• In Ireland consumers will receive an electricity cost credit of 200 euros in November, January and March. People who are already entitled to heating subsidies receive more. The measures are part of an aid budget of eleven billion euros, which also subsidizes products such as period items or medicines. Furthermore, the package of measures provides for a maximum monthly energy subsidy of 10,000 euros for companies and the VAT on electricity and gas has been reduced to nine percent. Gasoline was discounted.
  • In Spain a gas price ceiling does not apply to end customers, but to gas in electricity production – this also dampens the electricity price. Regional rail transport is free until the end of 2022 and long-distance travel is cheaper. In addition, small pensions in particular were increased by 15 percent and it was decided to grant a special benefit of 200 euros for people with a low income. The value added tax on electricity and gas was reduced to five percent. In total, the deduction since September 2021 should amount to around 35 billion euros.
  • from Italy The outgoing cabinet under Prime Minister Mario Draghi has decided on several aid packages to relieve companies and consumers. Some 66 billion euros have now been scraped together for this. At the pump, the state pays about 30 cents per liter of petrol or diesel. The government of the EU’s third-largest economy has also lent businesses a helping hand with aid loans and reductions in VAT on fuel.
Italian Prime Minister Mario Draghi and French President Emmanuel Macron: Italy and France have already found solutions to rising energy costs. (Source: IMAGO/Gao Jing/imago-images-pictures)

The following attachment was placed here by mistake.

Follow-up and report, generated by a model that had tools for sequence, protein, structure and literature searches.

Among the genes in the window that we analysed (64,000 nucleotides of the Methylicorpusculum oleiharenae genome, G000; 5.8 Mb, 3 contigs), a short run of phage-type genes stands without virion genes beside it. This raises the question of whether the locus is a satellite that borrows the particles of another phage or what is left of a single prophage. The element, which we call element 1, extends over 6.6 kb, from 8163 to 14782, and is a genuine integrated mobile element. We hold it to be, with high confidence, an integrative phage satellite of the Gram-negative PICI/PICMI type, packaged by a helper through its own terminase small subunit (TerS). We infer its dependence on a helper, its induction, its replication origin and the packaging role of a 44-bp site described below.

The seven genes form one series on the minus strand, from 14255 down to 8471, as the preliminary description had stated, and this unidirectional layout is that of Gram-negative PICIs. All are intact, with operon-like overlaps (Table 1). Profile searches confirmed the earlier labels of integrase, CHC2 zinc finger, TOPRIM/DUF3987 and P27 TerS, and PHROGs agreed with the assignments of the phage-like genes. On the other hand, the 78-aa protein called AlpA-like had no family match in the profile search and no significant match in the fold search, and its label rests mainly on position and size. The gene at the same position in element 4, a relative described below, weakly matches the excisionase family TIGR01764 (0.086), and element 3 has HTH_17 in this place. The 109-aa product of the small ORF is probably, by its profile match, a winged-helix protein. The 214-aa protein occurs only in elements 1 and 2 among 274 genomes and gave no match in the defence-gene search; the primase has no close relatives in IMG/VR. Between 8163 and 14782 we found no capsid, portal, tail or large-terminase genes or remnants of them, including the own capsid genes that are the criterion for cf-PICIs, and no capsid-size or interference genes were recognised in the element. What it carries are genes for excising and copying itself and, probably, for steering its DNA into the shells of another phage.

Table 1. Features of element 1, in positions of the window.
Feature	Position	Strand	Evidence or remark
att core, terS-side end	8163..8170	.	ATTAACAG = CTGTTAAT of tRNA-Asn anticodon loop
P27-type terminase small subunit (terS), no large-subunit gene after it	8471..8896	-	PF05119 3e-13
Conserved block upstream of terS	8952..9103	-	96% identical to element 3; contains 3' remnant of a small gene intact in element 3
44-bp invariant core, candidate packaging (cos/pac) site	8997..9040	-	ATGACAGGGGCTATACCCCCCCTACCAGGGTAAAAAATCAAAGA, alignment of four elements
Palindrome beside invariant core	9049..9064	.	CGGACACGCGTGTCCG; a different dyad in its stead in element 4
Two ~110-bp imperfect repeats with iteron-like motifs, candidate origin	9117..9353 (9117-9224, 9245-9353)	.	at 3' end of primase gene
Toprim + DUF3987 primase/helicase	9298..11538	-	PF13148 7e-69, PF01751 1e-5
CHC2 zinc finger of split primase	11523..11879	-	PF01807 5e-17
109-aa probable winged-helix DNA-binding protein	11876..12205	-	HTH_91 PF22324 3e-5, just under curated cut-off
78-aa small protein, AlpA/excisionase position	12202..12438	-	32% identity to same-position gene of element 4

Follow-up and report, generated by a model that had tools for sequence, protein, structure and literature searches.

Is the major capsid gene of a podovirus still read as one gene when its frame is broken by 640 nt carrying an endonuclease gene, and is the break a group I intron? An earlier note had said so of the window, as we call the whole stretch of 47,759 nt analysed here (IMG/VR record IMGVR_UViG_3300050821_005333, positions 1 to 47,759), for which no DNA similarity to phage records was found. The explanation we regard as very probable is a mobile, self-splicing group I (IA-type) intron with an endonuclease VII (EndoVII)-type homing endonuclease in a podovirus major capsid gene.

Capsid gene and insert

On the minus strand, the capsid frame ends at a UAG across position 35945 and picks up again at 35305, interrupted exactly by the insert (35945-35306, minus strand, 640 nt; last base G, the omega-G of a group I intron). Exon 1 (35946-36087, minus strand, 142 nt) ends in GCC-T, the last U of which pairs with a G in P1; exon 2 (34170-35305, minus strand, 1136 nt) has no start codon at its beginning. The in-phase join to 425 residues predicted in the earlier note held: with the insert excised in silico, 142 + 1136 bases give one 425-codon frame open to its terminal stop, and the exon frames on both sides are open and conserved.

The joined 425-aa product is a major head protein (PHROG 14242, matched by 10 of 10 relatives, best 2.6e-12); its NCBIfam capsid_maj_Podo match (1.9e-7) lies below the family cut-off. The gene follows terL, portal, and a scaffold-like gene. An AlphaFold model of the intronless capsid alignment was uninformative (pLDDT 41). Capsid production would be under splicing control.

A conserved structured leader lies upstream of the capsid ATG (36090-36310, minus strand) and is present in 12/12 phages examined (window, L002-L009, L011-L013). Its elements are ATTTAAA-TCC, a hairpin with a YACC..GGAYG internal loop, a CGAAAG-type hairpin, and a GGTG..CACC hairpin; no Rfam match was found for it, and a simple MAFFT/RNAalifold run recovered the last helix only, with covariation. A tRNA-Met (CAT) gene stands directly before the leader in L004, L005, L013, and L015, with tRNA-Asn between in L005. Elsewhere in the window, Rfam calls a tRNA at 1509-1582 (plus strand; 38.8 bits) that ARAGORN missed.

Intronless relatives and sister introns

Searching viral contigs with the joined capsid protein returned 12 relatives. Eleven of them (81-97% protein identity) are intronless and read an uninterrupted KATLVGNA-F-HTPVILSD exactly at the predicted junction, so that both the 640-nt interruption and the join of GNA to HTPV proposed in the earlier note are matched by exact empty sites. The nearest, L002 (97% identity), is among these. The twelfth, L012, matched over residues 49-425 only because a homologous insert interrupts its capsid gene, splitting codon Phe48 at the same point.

• In Slovenia households have been paying 15 to 60 percent less for electricity since September than before, thanks to a price brake. In May 2023, the VAT will be reduced from 22 to 9.5 percent for gas, electricity, district heating and firewood. This year also saw some one-off payments to poorer people and aid to endangered companies.
  • Croatia has introduced a price ceiling for electricity, the rates for heating costs have been frozen for this winter. Poorer people received a discount on their electricity and gas bills. The value added tax for gas and district heating has been reduced from 25 to 13 percent. In total, the shelter costs 3.4 billion euros.
  • In Hungary Since 2014, gas and electricity prices for household customers have been capped. Under pressure from world market prices, the government has now had to undo the regulations. Since August, households only pay the old fixed price up to an average consumption limit, and above that consumption is many times higher.